quisitiveness. Much reading is done merely by the eye; even the tale read cannot be recounted, the process of reasoning cannot be repeated, or the main proposition stated. No! no! my young friend, as the lines glide before the eye, tax the powers of your mind; if a volume of travels, then transport yourself to the scenery and the localities described, paint vividly, let Imagination use her colours, let human sympathy go forth and note the condition of the inhabitants, and let Memory awaken her daughter Comparison, and bring ancient story of the English country to bear the illustration from the foreign but modern picture. Of what use is any volume of travels in the library? 66 Eothen," "The Crescent and the Cross," or Layard's "Ninevah," if it is not made to be a lamp, to shed its lustre over the conditions of moral and physical Geography, and thus lighten up the pages of all history? Read in this spirit; read, indeed, with a spirit. It is possible to make any worthy novel like Scott's, or some of James's, assistants to mental education; but when have they been read in this fashion? when has the volume been laid down in order that the picture, the historic picture might be recalled? How often have we heard of "skipping the descriptive parts," precisely because there was a little mental work? We will repeat it again, that all reading is worse than useless, for it lulls the mind to sleep with most benumbing

opiates, which does not create the necessity of some kind of action. Burn the books which will not do this for you; what is their use? do they profess to bring to you information? You cannot receive it without mental action. Do they profess to bring to you the panoply of linked, mailed, severe thought? But you cannot put it on without action. And all the stern deductions of the metaphysician, or the moralist, are useless, unless you beat them out yourself, and make them, as he shall show you the way, into a mental harness; and this cannot be done without action. And if you surrender yourself to the spell of the poet, do you suppose that all is to be done by him, and nothing by yourself? You must use your own eyes, mount by your own wings; and this cannot be but by action. In the first place, therefore, in reading, let the young man have done with all the passive and powerless perusals, which, indeed, affect the eye, but never reach the intellect, and never call into play the moral approval or disapproval. This remark is certainly very general, but the reason why it is so, is because there is so vast an amount of crude, ill-digested reading, reading which in no sense is worthy of the name, which is scarcely worthy to rank as mental employment at all.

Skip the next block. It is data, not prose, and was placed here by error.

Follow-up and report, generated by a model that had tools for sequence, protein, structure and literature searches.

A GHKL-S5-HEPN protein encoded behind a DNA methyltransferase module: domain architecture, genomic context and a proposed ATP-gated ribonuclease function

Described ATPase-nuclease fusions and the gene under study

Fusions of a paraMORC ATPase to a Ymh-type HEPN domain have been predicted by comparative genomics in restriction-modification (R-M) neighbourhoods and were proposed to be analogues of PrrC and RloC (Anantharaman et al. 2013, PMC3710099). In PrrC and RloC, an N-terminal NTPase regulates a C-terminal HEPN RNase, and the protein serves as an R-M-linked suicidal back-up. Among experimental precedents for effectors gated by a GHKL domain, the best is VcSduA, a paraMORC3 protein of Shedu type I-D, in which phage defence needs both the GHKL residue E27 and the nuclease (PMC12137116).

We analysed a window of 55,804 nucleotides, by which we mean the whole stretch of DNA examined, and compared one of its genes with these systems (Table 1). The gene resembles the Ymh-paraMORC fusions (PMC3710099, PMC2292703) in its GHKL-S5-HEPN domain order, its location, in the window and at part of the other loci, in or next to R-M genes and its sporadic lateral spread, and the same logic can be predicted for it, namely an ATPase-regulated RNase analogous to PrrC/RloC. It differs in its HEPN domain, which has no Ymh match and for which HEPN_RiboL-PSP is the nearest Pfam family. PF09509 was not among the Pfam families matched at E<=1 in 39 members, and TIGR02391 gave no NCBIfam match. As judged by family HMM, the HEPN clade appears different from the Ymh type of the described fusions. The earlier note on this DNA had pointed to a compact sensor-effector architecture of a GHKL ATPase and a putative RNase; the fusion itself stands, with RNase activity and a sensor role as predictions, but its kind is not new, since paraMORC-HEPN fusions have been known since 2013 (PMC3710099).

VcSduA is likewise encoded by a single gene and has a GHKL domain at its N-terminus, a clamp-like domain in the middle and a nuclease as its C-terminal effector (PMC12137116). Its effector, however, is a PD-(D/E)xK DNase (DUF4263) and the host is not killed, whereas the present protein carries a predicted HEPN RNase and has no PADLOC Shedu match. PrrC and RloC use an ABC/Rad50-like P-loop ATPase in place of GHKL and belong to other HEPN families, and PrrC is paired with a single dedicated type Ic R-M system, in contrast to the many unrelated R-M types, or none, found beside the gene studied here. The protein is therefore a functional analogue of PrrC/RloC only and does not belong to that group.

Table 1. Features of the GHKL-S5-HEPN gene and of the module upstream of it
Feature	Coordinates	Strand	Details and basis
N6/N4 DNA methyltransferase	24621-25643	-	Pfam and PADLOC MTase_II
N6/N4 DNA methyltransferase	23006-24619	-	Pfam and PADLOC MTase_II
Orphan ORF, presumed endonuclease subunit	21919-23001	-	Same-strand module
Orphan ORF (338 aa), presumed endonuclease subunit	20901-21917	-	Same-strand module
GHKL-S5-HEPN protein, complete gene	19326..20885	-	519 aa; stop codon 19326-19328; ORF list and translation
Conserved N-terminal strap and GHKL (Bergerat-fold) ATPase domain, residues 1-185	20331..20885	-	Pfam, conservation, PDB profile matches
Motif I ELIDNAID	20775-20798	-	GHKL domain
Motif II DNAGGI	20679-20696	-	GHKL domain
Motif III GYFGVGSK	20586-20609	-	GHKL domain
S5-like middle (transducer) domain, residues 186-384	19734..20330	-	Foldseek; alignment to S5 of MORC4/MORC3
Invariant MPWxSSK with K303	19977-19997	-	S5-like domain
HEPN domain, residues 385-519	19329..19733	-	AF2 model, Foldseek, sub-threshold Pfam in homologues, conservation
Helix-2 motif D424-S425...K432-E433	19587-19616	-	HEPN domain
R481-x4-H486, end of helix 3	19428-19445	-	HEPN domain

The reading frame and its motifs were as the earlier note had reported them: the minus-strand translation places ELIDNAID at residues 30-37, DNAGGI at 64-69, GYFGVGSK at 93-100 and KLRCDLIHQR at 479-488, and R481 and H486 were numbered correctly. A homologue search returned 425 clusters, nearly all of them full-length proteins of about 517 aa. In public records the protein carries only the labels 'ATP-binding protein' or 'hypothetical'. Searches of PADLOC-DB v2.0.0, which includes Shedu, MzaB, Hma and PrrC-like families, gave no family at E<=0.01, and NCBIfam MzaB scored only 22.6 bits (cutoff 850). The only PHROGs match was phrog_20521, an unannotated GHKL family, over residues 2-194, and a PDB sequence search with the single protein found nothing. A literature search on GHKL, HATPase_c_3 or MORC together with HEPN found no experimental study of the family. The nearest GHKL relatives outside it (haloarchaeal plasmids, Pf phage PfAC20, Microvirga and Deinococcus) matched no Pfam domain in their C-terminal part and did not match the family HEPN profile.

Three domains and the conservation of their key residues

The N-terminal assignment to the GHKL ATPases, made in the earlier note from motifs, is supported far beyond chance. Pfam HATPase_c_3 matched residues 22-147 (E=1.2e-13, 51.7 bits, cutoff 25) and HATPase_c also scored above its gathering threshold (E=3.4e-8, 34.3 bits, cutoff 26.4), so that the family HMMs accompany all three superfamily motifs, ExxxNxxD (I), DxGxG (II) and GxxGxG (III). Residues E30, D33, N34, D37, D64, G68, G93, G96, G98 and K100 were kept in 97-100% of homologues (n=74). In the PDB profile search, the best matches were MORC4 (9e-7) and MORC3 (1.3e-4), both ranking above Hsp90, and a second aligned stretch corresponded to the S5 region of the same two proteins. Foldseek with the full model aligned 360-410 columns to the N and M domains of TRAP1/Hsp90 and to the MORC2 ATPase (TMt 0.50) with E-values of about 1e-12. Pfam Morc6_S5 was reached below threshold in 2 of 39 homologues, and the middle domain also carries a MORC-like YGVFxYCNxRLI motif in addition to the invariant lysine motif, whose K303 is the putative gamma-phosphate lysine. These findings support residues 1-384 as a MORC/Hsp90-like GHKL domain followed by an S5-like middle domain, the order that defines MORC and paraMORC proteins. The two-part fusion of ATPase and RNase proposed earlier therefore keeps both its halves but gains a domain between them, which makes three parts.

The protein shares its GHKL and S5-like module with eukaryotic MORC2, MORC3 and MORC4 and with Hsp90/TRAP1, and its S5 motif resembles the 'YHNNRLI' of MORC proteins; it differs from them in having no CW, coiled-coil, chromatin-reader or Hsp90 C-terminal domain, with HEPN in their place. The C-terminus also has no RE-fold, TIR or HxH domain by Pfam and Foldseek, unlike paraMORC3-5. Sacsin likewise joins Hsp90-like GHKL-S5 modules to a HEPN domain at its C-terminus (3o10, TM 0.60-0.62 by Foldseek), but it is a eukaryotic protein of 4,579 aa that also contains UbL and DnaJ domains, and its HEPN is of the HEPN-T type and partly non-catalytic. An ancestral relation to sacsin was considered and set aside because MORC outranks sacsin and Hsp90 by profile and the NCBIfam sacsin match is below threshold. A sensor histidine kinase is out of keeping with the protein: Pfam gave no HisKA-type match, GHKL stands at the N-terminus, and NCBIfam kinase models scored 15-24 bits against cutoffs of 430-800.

A second remark which may be made is in reference, not so much to the worthless method of reading, but rather the worthless matter read. It